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Microsoft ups ante in IM race

The software giant plans to launch a trial version of its instant messaging software for corporations, upping the ante in the race for supremacy over instant messaging.

Microsoft on Wednesday launched a trial version of its instant messaging software for corporations, upping the ante in the race for supremacy over one of the world's fastest-growing communications technologies.

Read more about instant messaging
Dubbed Greenwich, Microsoft's new server software allows businesses to support secure instant messaging on a network. In addition, it offers a bridge to Microsoft's popular consumer MSN Messenger IM network, giving it a potential jump on rivals who are lining up to court business customers with instant messaging products and services.

"IM is a very hot subject right now among corporate users trying to tame this technology that has found its way into IT environments without, necessarily, IT approval," said Michael Gartenberg, an analyst at Jupiter Research.

Millions of people have signed up for IM services, which allow people to create lists of online "buddies" with whom they can trade short text messages. Unlike e-mail, IM allows people to see when their "buddies" are available to chat, and allows rapid-fire exchanges that are similar to conversations. The services have proven popular both at home and at work, where they have proliferated despite a lack of security features and other corporate safeguards.

Greenwich offers the latest example of the sudden transformation of instant messaging from a grassroots phenomenon into a serious corporate communications tool--an evolution that blindsided the three biggest IM providers in the consumer market: America Online, Yahoo and Microsoft.

All three have been prepping their popular consumer IM products with new features such as security and authentication to compete with rivals that were quicker to court business customers. But some significant hang-ups continue to stall widespread adoption in the workplace, including a lack of interoperability among the three leading IM networks.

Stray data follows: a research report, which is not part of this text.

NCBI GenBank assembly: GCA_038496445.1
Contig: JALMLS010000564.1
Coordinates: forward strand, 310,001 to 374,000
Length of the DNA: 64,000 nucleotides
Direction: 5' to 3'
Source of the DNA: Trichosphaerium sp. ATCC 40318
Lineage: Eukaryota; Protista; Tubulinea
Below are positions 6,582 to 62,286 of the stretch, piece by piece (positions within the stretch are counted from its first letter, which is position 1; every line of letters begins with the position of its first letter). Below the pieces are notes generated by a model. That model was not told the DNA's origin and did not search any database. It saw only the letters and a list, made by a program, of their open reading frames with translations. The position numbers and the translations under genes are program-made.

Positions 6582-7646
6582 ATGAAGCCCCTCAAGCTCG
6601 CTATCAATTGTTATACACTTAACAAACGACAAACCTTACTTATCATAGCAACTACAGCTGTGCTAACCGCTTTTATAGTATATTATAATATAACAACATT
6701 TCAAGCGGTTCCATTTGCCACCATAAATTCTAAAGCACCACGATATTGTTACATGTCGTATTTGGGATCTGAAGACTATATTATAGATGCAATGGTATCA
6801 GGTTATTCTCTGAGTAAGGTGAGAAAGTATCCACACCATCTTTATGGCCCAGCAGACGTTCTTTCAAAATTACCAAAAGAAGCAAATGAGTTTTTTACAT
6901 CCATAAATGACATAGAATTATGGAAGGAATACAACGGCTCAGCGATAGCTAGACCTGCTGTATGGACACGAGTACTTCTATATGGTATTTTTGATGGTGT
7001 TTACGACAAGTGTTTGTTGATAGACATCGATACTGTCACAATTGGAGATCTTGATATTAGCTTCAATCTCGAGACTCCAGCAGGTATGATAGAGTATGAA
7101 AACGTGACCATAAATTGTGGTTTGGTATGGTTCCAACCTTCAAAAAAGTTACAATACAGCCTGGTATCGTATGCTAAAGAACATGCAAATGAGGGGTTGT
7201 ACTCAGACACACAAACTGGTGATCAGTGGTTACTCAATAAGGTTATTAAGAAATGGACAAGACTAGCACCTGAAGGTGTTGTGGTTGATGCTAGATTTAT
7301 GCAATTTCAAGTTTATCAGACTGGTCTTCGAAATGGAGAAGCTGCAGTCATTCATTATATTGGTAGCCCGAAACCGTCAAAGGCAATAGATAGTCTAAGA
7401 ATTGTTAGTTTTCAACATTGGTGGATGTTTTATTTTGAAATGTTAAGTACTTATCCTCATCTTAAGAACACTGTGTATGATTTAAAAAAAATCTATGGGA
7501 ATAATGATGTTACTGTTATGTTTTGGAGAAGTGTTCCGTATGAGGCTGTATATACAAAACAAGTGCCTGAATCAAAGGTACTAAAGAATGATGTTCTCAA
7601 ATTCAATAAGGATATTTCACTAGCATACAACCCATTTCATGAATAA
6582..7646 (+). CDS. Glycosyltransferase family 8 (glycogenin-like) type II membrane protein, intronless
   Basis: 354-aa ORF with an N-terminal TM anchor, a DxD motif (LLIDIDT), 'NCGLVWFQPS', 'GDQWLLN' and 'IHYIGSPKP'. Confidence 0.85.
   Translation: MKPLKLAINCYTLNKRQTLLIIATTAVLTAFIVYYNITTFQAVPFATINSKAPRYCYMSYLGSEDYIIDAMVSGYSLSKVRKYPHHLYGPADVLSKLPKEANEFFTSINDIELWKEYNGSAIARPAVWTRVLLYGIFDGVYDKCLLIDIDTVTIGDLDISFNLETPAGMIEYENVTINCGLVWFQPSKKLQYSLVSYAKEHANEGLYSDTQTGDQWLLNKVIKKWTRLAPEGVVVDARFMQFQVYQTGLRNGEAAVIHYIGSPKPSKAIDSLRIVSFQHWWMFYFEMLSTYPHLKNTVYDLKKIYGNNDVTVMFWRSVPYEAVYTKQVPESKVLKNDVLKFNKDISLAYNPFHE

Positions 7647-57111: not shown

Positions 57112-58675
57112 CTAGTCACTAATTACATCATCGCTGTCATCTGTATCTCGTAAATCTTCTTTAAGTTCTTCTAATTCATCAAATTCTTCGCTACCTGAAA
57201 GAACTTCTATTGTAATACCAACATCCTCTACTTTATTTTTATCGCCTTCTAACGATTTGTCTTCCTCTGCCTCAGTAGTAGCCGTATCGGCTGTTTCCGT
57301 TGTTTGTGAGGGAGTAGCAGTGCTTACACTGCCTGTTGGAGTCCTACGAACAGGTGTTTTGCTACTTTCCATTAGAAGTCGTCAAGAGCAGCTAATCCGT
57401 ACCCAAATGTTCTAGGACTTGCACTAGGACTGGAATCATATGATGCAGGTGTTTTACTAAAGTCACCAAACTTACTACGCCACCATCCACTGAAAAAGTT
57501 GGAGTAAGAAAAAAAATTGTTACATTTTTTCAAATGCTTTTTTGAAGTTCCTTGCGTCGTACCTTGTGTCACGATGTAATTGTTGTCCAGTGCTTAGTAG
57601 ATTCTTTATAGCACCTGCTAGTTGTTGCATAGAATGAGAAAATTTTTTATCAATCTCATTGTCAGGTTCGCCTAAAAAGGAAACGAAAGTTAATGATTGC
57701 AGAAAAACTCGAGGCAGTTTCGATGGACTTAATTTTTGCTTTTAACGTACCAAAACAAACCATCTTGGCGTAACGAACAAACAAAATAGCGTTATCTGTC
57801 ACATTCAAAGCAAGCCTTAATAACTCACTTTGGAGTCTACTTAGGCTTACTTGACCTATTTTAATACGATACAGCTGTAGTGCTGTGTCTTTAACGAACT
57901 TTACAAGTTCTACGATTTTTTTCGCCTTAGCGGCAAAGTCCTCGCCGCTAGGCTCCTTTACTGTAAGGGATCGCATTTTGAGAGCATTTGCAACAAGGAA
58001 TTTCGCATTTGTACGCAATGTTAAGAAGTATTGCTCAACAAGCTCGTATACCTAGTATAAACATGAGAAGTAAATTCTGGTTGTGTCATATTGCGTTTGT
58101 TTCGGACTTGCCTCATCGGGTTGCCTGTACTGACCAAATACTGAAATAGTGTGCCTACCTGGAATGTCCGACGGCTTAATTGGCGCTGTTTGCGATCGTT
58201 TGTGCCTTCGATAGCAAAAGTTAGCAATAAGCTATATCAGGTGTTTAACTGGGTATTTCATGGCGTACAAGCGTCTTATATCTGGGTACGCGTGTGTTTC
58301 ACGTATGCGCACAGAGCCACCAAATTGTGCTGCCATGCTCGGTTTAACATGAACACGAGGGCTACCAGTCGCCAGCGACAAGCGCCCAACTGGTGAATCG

With its heavy presence in both the consumer and corporate markets, Microsoft holds some unique advantages that could help it bridge the gap between the two.

Millions of people already use Microsoft's MSN Messenger client to trade text messages on PCs--an installed base that could ultimately help the company sell its server software. Microsoft has successfully used this formula in the past to extend the reach of its products, such as its Web browser and media player.

Still, the Greenwich beta has some kinks that could hamper its advance into the corporate market, at least for now.

Greenwich does not directly support its Web-based IM client, MSN Messenger, running a separate IM client called Windows Messenger instead. To interoperate with MSN Messenger, Greenwich users need to sign a license with MSN. Once the license is signed, third-party provider IMLogic--not Microsoft--provides the software that lets the two services communicate.

Gurdeep Singh Pall, general manager of Microsoft's real-time collaboration unit, said a simpler path to interoperability was on the agenda. But he did not elaborate on the reasons why the two services, both run by Microsoft, cannot talk without a third-party intermediary.

"In the longer term we do see the Greenwich server federate directly with the MSN service," said Singh Pall. "That is on our road map and we're working on that."

Greenwich is expected to officially launch in the "middle of this year," according to a company representative. Although Microsoft was originally planning to integrate Greenwich into Windows .Net Server 2003, Singh Pall said the company may sell it individually, although no decisions have been made yet.